Education denied to students with disabilities in adult jails

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RALEIGH—Prompted by complaints filed by our Advocates for Children’s Services project, the North Carolina Department of Public Instruction has launched formal investigations into the routine failure of Guilford County Schools and Vance County Schools to provide educational services to their students incarcerated in adult jails. For each of the three students covered by our complaints, the school systems failed to provide them with any educational services whatsoever.

We learned of the investigations in a letter from the department dated June 5, 2020. We filed our complaints with the department on May 29, 2020.

We filed our Guilford County complaint on behalf of two high school students and our Vance County complaint on behalf of one high school student who experienced the same deprivation over two separate periods of incarceration.

The complaints allege that the school districts failed to fulfill their legal obligations by:

  • Failing to provide the students with any education during their incarceration. Two of the students received packets of work without assistance or instructions. One received no work, instruction or assistance of any kind.
  • Failing to follow required procedures regarding discipline of students with disabilities while the students attended their regular community schools.
  • Failing to provide the students with appropriate educational services while they attended their regular community schools.

The federal Individuals with Disabilities Education Act requires the school system to educate all students with disabilities—including incarcerated students—in an appropriate manner in accordance with their Individualized Education Plans. Yet, Advocates for Children’s Services believes that youth in adult facilities across North Carolina—not just in these two counties—typically receive no education.

The students’ cases paint a compelling picture of how the school-to-prison pipeline operates when students’ special education needs are consistently ignored, funneling students into the criminal justice system. For that reason, the complaint describes violations occurring during the students’ incarceration as well as those leading up to it.

These violations have led to—and will continue to lead to—dire educational consequences for students in adult jails, if not fixed on the systemic level. Tessa Hale, an attorney with Advocates for Children’s Services, notes, “The link between education and reduced recidivism rates is well established in research. When we fail to educate these youth, we return them to their communities without the knowledge that will allow them to function in society.”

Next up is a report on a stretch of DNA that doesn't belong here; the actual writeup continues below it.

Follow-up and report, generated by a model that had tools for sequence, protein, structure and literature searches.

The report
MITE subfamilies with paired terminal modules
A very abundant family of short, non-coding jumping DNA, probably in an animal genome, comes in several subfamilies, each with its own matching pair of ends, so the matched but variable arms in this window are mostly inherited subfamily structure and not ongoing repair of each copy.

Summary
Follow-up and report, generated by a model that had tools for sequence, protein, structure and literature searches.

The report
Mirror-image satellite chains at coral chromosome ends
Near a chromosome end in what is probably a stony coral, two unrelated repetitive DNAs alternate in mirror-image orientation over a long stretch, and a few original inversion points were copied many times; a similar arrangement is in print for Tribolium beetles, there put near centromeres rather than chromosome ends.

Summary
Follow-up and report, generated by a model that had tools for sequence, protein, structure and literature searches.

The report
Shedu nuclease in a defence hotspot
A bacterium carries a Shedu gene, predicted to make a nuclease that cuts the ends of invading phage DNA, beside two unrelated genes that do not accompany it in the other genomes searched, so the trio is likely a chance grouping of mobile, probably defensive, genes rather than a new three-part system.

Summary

The parent of one of the students named in the complaint said, “I want my child to be a productive citizen. Anyone wants that for their child. Nobody wants to see their child in and out of jail because they don’t have the skills to do better. Without education, my child will be in a worse position when he gets out. How is that rehabilitation?”

The parent continued: “When a child goes to jail, they are taken away from everyone in their community who was educating them. The child is locked away from parents, grandparents, and other adults that care about them and could try to help guide them. They spend their time with the other kids in jail, and those kids aren’t getting any education either. We can’t also take away the chance for them to learn from teachers who are trained to educate them.”

One of the students named in the complaint stated, “I was 16 when I was first incarcerated. The second time was when I was 17 and a junior in high school, and I was taken out of high school and incarcerated in an adult facility for four months. I didn’t receive any support or education while I was in jail and after I was released, I had a lot of difficulty re-enrolling in high school and lost over a year of my life and education.”

In our complaints, Advocates for Children’s Services asks that our clients and all similarly situated students receive tutoring and other educational services to address the past and ongoing harm done to them. We also request that the Department of Public Instruction institute oversight measures to ensure future compliance with the law for all similarly situated students.

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Legal Aid of North Carolina is a statewide, nonprofit law firm that provides free legal services in civil matters to low-income people in order to ensure equal access to justice and to remove legal barriers to economic opportunity. Legal Aid’s Advocates for Children’s Services project seeks to end North Carolina’s school-to-prison pipeline by defending the rights of low-income children in public schools.

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Sean Driscoll, Director of Public Relations, 919-856-2132,